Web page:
Life Insurance Beneficiary

by Jeff Rose on September 11, 2012 · 0 comments

life insurance beneficiaryWhen choosing a life insurance beneficiary, it is very important to be clear in the designations of who is going to receive the benefits after the death of the insured.

Due to specifications regarding the wording of beneficiaries, certain members of the family may be left out, while other may be unintentionally included.

It becomes especially complicated when there is an ex-spouse involved, or adopted children.

Should the beneficiary die before the insured, then a contingent receives the benefits instead.

However, this can become complicated if the contingent is a minor and no guardian has been designated. The process of determining insurance beneficiaries can be complicated, especially given the changing family situations that happen with divorce and death.

When deciding on your insurance beneficiaries, make sure the beneficiaries are clearly distinguished, with varying levels of contingents.


Specifying Your Beneficiaries

When writing out who will receive life insurance benefits upon your death, simply putting one word designations like “spouse”, “children”, or “grandchildren” isn’t enough anymore. If you put “spouse,” then former spouses may be included in the event of a divorce. In the case that children are the beneficiaries, then which children will be included must be specified.

Are they only children from your marriage, or do children born out of wedlock count?

Also, it must be specified if adopted children are included, or the children of a spouse which you may have adopted as well. The same applies for grandchildren. Also, if the children are minors, it is generally recommended that a guardian be appointed, as benefits aren’t usually paid to minors.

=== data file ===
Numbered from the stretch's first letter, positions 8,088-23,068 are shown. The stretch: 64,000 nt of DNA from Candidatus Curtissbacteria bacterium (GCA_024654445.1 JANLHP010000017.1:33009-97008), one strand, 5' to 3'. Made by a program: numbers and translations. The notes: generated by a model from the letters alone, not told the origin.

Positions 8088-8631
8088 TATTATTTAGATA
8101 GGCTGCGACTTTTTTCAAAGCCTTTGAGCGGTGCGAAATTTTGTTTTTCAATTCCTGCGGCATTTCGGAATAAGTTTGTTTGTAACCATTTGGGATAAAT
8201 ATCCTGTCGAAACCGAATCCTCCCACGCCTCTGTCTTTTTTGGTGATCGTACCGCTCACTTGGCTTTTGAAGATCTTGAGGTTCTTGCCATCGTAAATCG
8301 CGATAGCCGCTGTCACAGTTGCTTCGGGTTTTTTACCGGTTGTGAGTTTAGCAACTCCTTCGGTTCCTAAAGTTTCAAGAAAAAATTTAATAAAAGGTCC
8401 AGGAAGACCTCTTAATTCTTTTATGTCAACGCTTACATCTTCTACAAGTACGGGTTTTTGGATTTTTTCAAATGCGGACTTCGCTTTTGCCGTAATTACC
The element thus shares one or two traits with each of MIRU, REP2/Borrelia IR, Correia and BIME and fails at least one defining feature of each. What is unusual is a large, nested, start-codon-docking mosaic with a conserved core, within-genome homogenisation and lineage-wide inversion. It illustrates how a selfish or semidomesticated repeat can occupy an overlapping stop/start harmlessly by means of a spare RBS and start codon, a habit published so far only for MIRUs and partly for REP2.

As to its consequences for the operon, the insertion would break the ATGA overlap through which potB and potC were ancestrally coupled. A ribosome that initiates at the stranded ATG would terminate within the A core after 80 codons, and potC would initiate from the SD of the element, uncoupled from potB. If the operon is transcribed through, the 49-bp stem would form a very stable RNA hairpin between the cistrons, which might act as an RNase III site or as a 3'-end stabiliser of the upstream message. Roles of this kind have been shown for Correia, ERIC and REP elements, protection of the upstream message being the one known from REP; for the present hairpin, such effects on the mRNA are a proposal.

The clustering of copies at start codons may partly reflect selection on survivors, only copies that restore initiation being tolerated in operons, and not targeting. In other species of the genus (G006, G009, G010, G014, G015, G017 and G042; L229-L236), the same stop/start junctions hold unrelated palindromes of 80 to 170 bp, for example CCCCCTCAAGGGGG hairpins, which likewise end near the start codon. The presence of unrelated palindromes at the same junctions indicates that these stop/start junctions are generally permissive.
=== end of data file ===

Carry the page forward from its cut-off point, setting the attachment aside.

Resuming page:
The beneficiaries can be specific, or a class. Specific beneficiaries are identified by name and relationship to the insured, while a class is identified mainly by relationship, such as “children.” If a class is chosen as a beneficiary, who belongs to that class needs to be clearly identified, as legal complications can arise if the class isn’t distinguished.

Also, it is advisable to have several levels of contingencies. In the case that a beneficiary dies, the benefits will go to the contingent.

However, if the contingency dies as well as the beneficiary, the benefits may be left in limbo, or to be disputed by other family members. That is why several contingencies must be clearly identified, as many complications can arise considering the possibilities of a changing family structure.

Explore all Possibilities with Life Insurance Beneficiaries

When deciding on life insurance beneficiaries, it is best to consider all possible situations. While it may become complex and it is grim to think of the future deaths of you or family members, all of these things do happen. Save your possible beneficiaries the trouble of having to dispute the distribution of benefits, and make sure to define the beneficiaries as specifically as possible.

Don’t use vague wording that may include or leave out people you don’t wish to.

You will want to make sure your benefits go to who you intend them to go after your death. Try speaking with a life insurance advisor to determine how to properly designate your beneficiaries.

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